In the first six months of this year, state legislatures have already enacted 106 provisions related to reproductive health and rights, according to a new report from the Guttmacher Institute. That includes 43 provisions restricting abortion access — as many as were enacted during the entire year in 2012.
2011 was a record-breaking year for new abortion restrictions, with a staggering 80 different anti-abortion provisions enacted in the first six months. At this midway point, 2013 has seen the second-highest number of abortion restrictions signed into law:
At the beginning of the year, a new momentum for radical abortion bans seemed to be taking hold. North Dakota enacted an unprecedented 6-week ban, and Arkansas followed close behind with a 12-week ban. Both laws are currently facing court challenges.
Guttmacher notes that, as the year progressed, other states didn’t follow in North Dakota’s or Arkansas’ lead — likely because they didn’t want to inspire similar legal fights. Since early abortion bans directly contradict Roe v. Wade, they are certain to be overturned. Instead, anti-choice lawmakers reverted to more typical — and less high-profile — tactics intended to restrict reproductive access.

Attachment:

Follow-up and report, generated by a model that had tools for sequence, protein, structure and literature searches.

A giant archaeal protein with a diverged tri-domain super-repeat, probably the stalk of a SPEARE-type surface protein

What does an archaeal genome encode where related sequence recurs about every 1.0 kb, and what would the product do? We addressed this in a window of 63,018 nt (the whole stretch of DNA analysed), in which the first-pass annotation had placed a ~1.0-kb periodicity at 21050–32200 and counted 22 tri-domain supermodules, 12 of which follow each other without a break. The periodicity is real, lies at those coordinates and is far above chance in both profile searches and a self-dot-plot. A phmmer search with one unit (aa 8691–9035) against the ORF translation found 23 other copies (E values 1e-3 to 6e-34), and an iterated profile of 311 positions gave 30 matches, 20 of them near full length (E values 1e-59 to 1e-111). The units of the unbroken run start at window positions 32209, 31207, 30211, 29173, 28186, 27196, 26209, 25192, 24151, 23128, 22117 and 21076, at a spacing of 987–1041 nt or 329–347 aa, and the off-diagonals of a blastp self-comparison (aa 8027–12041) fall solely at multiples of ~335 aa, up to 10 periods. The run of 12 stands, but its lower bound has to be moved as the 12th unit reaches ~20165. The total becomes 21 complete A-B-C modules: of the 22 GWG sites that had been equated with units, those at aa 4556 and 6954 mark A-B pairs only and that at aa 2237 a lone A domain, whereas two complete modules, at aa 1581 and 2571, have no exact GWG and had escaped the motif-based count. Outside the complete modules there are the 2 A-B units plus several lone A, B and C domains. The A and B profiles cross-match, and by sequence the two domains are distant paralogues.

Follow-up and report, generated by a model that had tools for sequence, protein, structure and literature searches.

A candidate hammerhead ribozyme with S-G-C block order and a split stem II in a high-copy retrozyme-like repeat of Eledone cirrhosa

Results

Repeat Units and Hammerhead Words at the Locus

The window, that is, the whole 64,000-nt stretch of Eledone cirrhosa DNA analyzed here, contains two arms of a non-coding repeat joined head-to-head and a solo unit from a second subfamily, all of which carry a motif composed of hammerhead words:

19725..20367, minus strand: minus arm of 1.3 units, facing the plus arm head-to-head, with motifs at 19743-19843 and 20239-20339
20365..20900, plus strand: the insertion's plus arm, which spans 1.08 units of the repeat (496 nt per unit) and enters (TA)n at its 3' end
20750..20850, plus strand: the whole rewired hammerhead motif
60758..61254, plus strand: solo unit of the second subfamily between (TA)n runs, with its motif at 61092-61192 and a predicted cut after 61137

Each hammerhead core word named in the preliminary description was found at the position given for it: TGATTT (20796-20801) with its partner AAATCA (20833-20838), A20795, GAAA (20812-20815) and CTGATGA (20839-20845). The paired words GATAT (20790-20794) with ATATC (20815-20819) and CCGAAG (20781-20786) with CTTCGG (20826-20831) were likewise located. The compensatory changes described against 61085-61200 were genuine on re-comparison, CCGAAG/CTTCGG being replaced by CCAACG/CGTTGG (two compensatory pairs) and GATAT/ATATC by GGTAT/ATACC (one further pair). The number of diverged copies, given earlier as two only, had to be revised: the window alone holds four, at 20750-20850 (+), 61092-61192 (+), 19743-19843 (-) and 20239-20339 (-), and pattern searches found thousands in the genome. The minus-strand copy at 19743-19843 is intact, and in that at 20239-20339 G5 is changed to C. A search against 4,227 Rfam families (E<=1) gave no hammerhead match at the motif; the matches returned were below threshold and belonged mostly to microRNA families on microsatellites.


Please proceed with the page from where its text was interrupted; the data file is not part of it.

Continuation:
Five states imposed burdensome regulations on abortion clinics intended to force them to shut down (the same kind of restrictions that are currently inspiring a high-profile fight in Texas). Four states enacted unnecessary restrictions on medication abortion. Two states banned Obamacare’s health insurance marketplaces from covering abortion services. Other states enacted laws to force women to have an ultrasound, listen to the fetal heartbeat, or wait several days before being allowed to have an abortion. In addition to anti-abortion provisions, some states also attacked family planning funding.
The American Civil Liberties Union, which also tracks state-level abortion restrictions, has warned that 2013 is shaping up to be the worst year for reproductive freedom in recent history.